With the new year well under way, this seems a good time to share with our readers a sample of the many antiquities and antiquities-related artwork we sold in 2017. In addition to these, we also sold many more ancient coins, antique prints and books dealing with antiquities and ancient art.
As many of our regular readers know, I started a “sister blog” a few months ago, dealing with my exploration of the intersection of art from the past and art from the present, and specifically how this impacts my own work as an artist. As so much of my work is impacted by art from… Read More Articles of interest from our sister blog
The images below represent a good sample of the many ancient Egyptian, Greek, Roman, Byzantine, early Islamic and other Mediterranean and related antiquities and ancient coins sold by Clio Ancient Art during 2016. Some of our regular customers reading this blog entry might recognize pieces they now own. As always we have many more items… Read More A Sample of Our Sold Antiquities from 2016
As an artist myself (yes, I have come to accept, to my own astonishment, that in addition to being an antiquities dealer / antiquarian / art historian, I am, at last, an artist) I often find myself influenced, even if sometimes subliminally, by the ancient and medieval art and artifacts I handle every day (see… Read More A breakthrough moment in the modern interpretation of antiquities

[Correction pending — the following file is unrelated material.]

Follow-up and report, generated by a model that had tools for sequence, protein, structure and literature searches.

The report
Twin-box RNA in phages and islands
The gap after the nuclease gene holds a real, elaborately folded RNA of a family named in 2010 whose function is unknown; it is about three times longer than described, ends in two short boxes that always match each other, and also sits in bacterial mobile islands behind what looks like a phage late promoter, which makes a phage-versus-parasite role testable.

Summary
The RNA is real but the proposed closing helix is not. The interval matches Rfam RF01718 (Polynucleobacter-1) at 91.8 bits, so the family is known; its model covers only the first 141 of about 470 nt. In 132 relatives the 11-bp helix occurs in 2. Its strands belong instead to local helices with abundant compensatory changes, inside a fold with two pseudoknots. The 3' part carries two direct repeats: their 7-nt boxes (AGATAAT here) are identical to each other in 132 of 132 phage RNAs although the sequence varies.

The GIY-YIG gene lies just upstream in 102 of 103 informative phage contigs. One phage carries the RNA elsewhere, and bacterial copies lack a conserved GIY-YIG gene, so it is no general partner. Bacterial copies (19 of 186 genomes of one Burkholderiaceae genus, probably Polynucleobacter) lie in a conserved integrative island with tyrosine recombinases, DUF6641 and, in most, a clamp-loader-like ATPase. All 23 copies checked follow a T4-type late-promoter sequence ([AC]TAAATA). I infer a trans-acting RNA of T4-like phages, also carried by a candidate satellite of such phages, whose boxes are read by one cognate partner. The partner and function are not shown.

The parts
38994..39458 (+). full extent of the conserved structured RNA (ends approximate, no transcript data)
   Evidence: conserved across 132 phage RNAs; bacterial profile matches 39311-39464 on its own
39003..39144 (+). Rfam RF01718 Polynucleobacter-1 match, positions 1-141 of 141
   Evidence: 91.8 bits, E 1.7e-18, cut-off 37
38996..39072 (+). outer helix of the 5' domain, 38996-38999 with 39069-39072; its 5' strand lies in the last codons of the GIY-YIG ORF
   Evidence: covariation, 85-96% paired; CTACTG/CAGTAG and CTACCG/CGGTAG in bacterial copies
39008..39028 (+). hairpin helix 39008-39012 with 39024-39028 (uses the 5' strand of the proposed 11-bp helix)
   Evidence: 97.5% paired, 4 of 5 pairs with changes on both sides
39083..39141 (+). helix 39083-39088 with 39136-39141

One of the most recognizable forms of ancient Egyptian art is the udjat (also spelled wedjat and utchat), an amulet representing the eye of the Sky God Horus. The udjat amulet is also one types of art or artifact from ancient Egypt that has survived in fairly large numbers, making it easily accessible on the… Read More Udjat: The Eye of Horus
Established in 1892 primarily as a teaching tool for the new Department of Egyptology, University College’s Petrie Museum of Egyptology is tucked away in a rather obscure location off Gower Street. Were it not for a few colorful banners pointing the way, it would be difficult to find. Visiting hours are quite limited. Started with… Read More Egyptian Antiquities in the Petrie Museum of Egyptology, London
One of the more extraordinary objects offered on our website is a Late Dynastic Egyptian blue skullcap detached from a statuette of the god Ptah. It may be viewed here: http://www.clioancientart.com/catalog/i11.html. We have described this antiquity as being made of “frit” — a term sometimes but erroneously used interchangeably for faience. But why did we… Read More Egyptian Faience Production and a Skullcap of Ptah on Our Website